### 2.3 Non-equilibrium properties

Since heavy mesons have large masses compared to the surrounding light mesons their time evolution is typically described by a Fokker-Planck (or Langevin) or a Boltzmann approach. The essential components of these approaches are transport coefficients, which can be calculated from the scattering amplitudes of heavy-flavor mesons with light mesons in the hadronic gas. These transport coefficients are typically derived assuming that the light scattering partners are in thermal equilibrium, and they are often calculated as functions of temperature and momentum.

In Ref. [39] we calculated the transport coefficients of *D* mesons in the hadronic phase incorporating medium corrections to the scattering amplitudes. To do so, we extended the kinetic theory of *D* mesons using the more general Kadanoff-Baym equations, so as to account for thermal and off-shell effects. This off-shell kinetic theory also applies to describe the propagation of *D* meson. In addition, the quasiparticle approximation that we showed to be sound for the *D* mesons is even better for *D* mesons, but their mass is considerably larger, as we will see in Section 3.

Let us summarize our main results. For a detailed derivation, we recommend to consult our previous work [39] and references therein. Starting from the Kadanoff-Baym equations and performing a Wigner transform along with a gradient expansion [55], we arrive to the following form of the off-shell transport equation for the time ordered Green’s function of the heavy meson

The lesser and greater Green’s functions and the self-energies in Eq. 11 are functions of the center-of-mass coordinate *X* = (*t*, ** X**) and the four-momentum

*k*= (

*k*

^{0},

**) of the external heavy meson. Note that**

*k**k*

^{0}and

**are independent variables, although related through the non-equilibrium spectral function**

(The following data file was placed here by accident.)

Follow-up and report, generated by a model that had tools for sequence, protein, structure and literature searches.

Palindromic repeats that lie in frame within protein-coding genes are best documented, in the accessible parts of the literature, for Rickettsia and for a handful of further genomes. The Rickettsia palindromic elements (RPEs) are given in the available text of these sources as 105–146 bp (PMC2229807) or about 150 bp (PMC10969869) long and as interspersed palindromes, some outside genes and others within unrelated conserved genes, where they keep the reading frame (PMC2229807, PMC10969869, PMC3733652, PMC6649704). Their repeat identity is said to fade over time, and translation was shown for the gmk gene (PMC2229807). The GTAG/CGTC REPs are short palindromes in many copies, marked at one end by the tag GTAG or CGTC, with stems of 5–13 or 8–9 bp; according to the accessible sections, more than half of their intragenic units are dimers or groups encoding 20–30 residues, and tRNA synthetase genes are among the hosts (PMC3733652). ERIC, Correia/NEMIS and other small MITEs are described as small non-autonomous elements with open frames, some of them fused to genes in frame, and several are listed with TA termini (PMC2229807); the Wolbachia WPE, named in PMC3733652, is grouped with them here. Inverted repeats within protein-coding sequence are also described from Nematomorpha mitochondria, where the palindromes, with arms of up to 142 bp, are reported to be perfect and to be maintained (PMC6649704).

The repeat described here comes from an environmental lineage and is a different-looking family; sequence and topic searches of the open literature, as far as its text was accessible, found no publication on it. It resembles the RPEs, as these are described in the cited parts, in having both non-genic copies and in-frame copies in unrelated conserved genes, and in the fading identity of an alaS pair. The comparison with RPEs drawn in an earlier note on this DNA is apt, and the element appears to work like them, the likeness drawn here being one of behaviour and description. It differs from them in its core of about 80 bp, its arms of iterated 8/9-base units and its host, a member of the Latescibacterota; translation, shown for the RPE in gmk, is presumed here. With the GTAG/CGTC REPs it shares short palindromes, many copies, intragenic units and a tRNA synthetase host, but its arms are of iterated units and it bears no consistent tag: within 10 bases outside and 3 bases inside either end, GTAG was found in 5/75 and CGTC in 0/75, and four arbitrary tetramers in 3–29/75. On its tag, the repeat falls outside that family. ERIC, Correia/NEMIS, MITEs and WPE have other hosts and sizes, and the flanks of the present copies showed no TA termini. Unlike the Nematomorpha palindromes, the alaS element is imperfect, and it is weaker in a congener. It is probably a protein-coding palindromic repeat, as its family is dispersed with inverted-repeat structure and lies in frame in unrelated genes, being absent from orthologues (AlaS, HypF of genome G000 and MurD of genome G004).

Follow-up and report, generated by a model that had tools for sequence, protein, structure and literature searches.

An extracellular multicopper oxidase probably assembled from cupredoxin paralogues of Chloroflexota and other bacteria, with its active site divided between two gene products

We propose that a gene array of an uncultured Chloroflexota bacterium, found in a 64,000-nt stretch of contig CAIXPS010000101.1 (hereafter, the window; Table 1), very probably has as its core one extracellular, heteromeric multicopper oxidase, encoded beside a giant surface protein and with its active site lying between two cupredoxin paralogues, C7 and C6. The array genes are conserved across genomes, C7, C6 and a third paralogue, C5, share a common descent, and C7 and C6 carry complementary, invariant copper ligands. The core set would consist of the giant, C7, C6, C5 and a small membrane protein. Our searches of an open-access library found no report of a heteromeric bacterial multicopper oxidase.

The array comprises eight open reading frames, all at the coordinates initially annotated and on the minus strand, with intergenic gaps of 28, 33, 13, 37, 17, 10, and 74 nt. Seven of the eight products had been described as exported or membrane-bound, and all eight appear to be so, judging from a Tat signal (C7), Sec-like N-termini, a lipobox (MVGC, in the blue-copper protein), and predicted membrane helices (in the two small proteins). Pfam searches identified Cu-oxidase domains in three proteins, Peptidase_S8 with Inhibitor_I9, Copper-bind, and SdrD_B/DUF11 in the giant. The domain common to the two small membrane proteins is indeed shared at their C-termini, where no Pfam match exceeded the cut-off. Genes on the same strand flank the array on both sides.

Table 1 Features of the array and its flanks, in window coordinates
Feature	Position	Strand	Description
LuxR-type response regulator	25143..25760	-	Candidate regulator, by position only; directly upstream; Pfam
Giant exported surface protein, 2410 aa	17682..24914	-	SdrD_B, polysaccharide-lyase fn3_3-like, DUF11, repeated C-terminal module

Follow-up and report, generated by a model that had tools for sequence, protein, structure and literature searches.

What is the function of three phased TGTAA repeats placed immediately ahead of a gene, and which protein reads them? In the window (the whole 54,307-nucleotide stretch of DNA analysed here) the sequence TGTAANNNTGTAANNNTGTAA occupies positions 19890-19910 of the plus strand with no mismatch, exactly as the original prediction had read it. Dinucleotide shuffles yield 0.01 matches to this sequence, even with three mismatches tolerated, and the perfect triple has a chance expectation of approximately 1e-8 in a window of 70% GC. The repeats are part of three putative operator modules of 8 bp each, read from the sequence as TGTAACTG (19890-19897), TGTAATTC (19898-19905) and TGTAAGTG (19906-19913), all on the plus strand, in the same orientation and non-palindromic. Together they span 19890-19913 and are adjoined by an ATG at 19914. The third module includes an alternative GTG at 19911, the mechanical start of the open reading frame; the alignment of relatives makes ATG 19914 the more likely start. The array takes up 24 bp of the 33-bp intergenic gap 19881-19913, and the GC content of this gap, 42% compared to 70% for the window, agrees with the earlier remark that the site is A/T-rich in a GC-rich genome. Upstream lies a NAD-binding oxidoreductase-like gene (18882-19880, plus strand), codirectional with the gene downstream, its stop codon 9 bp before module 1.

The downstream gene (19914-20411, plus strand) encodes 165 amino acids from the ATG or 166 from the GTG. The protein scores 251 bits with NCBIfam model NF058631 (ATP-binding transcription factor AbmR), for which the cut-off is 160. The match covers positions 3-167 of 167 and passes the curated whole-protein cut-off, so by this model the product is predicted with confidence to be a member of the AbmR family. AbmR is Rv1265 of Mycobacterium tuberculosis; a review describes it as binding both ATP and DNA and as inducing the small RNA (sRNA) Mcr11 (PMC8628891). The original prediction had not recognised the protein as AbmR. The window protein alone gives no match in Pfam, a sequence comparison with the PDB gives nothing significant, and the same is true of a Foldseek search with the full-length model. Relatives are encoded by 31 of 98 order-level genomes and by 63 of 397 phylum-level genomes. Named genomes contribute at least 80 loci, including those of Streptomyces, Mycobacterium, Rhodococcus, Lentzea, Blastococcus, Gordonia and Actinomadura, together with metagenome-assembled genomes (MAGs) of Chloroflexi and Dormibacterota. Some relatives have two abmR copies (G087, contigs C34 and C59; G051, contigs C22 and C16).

*k*^{<}(

*X*,

*k*) and greater Π

^{>}(

*X*,

*k*) self-energies can be written in terms of the (retarded)

The off-shell collision rate of a heavy meson with energy *k*^{0} and momentum ** k** to a final heavy meson with energy

**−**

*k***, with momentum loss**

*q***≡**

*q***−**

*k*

*k*_{1}, is defined as

The labels of the momenta correspond to the choice of a generic scattering process *H*(*k*) + Φ(*k*_{3}) → *H*(*k*_{1}) + Φ(*k*_{2}). Each of the two terms of the right-hand side of Eq. 12 can be identified as the collision gain and loss terms respectively. It is important to note that in Eq. 13 there is an implicit sum over the different species Φ and *H* that can interact with the external off-shell heavy meson.

Next, one may exploit the separation of scales between the meson masses to arrive to an off-shell Fokker-Planck equation for

with Δ^{ij} = *δ*^{ij} − *k*^{i}*k*^{j}/*k*^{2}, and the transport coefficients *T*. The drag force coefficient is given by

and the transverse and longitudinal momentum diffusion coefficients read.

The angle brackets

where *f* (*E*_{i}; *T*) is the equilibrium occupation number, i.e., the Bose-Einstein distribution function, and *λ*, *λ*′ = ±) that evaluate the

## 3 Results